Tuesday, July 21, 2009
There have been a series of articles in the British press recently discussing the report by Alan Milburn on class barriers and inequality in the UK. As a UK citizen and someone moving to the UK soon (from Italy) I think I'm 'entitled' to comment.
One of the most interesting quotes for me came from an article in The Guardian, 'Student fees for those who live at home should be axed'. The article quotes Milburn as saying, "Some universities are taking the context of pupil's educational achievement into account in deciding who gets a university place … a kid in a struggling inner-city comprehensive who manages to get one A and two Bs has probably had to work harder than a kid who gets the same result in a wealthy part of town." This is pure Roemerian theory of 'equality of opportunity'. John Roemer articulated his theory in his book Equality of Opportunity. The basic idea hearkens back John Rawls and other political philosiphers when they articulated the different approaches to 'equality of opportunity'.
Equality of opportunity can be separated into two distinct ideas. First, a non-discrimination principle (i.e. your colour, creed, orientation should not affect the commutative justice that you receive when engaging in contracts with others (employment, exchange, etc). Miller (2003, 76) characterizes this well saying, "Justice is a matter of each individual person being treated equally...a central aspect of justice is that people must be treated in a non-arbitrary way: there must be consistency in how one person is treated over time and there must be consistency between people." Second, a 'leveling the playing field' principle in which the goal is to ensure that each person, as much as they can, faces the same 'playing field' that each other person faces. Roemer's theory fits into this second discussion.
When you discuss 'leveling the playing field' you need theory to deal with several different aspects of individual motivation. The two pertinent ideas here are the endowments and ambitions of the individual. Your endowments are those things you are 'given' when you arrive in this world: genetics, parents, social economic status, etc. The exact scope of endowments often differentiates the extent to which people agree or disagree on a particular policy. For example, if I have 'poor' genetics (for which I am surely not responsible) and I have something like sickle-cell anaemia as a consequence, many people would argue that there is then scope for a central body (government) to assist me in dealing with this disadvantage. But what if I live in a single parent household and my parent is alcoholic? Am I, as a child, responsible for that? To what extent should the state attempt to help me 'rectify' that endowment? It becomes hazy. What we try to establish is an area in which we have clarity about what an individual does and does not have control over.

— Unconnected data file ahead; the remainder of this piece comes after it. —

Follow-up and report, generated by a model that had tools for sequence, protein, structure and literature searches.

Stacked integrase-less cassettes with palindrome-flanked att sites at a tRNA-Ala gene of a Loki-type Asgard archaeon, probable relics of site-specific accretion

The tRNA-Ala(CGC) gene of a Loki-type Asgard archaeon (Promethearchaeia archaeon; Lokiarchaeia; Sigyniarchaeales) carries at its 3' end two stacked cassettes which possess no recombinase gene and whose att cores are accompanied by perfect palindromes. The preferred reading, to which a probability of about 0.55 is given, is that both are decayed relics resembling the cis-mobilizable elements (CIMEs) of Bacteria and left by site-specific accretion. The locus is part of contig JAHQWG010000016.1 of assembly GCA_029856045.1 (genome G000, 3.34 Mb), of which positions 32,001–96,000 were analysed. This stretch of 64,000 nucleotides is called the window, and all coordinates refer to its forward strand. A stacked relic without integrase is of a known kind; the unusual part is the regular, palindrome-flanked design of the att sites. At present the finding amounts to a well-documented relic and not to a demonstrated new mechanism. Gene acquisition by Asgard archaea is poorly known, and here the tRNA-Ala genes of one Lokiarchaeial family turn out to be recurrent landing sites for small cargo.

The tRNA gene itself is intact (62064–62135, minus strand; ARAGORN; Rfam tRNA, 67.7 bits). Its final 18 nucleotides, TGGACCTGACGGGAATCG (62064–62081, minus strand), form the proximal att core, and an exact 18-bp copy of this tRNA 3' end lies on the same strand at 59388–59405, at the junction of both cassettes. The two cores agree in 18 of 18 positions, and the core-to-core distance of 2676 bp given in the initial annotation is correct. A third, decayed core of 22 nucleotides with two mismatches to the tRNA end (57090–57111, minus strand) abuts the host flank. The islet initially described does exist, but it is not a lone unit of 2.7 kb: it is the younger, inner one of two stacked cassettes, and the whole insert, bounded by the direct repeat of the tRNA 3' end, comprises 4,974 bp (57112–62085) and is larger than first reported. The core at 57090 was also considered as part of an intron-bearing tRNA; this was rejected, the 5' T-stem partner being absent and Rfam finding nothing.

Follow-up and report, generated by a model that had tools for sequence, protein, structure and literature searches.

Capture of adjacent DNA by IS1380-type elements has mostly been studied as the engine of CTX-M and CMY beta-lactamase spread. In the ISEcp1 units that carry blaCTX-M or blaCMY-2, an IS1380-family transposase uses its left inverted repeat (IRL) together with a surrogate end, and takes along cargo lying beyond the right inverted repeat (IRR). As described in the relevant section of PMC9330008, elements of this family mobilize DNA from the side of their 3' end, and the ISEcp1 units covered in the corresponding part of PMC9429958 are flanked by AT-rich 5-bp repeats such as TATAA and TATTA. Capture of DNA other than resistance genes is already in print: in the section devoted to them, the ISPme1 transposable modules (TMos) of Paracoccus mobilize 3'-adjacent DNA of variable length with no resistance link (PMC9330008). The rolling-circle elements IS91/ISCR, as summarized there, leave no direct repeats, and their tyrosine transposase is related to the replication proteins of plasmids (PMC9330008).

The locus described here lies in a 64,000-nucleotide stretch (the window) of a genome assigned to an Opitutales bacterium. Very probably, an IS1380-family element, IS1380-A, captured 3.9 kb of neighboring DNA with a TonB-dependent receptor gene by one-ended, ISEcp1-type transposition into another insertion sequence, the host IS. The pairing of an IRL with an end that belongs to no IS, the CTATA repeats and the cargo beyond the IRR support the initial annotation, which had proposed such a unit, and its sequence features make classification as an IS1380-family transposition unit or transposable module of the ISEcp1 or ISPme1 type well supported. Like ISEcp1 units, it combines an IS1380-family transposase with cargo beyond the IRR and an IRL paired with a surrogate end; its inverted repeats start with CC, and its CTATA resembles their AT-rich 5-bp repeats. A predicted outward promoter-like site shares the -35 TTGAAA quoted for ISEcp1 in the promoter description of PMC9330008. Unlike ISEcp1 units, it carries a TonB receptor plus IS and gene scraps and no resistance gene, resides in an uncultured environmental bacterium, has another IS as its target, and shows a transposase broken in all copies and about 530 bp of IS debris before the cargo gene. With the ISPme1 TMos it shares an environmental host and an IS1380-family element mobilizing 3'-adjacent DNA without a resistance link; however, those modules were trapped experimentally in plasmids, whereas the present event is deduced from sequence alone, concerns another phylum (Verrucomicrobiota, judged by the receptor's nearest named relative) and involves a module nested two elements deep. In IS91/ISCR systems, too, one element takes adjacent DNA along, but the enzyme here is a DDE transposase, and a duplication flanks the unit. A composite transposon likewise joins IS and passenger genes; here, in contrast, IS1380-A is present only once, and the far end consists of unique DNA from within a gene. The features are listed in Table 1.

Having established an area of control, we can introduce the second ingredient for adequate policy on leveling the playing field: 'ambition sensitivity'. Ambition sensitivity means that our policies must be sensitive to individuals, who, in given circumstance, choose to exert effort to obtain an outcome. Take South Africa. Observe children growing up in 'black', two parent homes, where both parents have 8 years of education, and they live in a township. Let's say that all of these things are 'out of the child's control'. We then assess the levels of effort asserted by these children, say while attending school. There should be some variation over how much effort is expended. We could say that it would be just to reward those children who exert more effort, given their circumstances. The 'measured outcome' of their effort could be 'high school marks', where those who exerted the most effort get Cs on average, whereas those who exerted less effort received Ds or did not finish high school. Contrast this with children growing up in a 'white', two parent household, where both parents have university level education. Again, we say these things are out of a child's control. We observe the children's effort levels. We see some exert a lot of effort, obtaining As, others, Bs, Cs, Ds, and some do not complete high school. Should we reward those children who obtained Cs in the first circumstance in a similar manner to those who obtained As in the second circumstance? Should we reward similarly those people lower in the distributions, given their circumstances and the effort they exert?
Roemer (1998, 6) argues as follows, "equalizing opportunity for educational achievement requires redistributing educational resources in such a way that the differential abilities of children to turn resource into education achievements are compensated for, where those abilities are determined by circumstance beyond the control of the individual." So he would say, reward the Cs as the As and equivalently down the distribution. Now, the problem becomes an empirical one, how do you divide people into types? How do you measure effort? How is effort distributed in groups? All of these are important, but the intuition of rewarding those who expend effort given a certain level of endowments seems to be at the core of this policy proposal and why I thought a brief discussion of it worthwhile.
For those interested, similar work can be found in Meritocracy and Economic Inequality (Arrow, Bowles & Durlauf) and Unequal Chances (Bowles, Gintis & Osborne-Groves). There are tons of books on the subject, but those consider some of the relevant empirics and theory.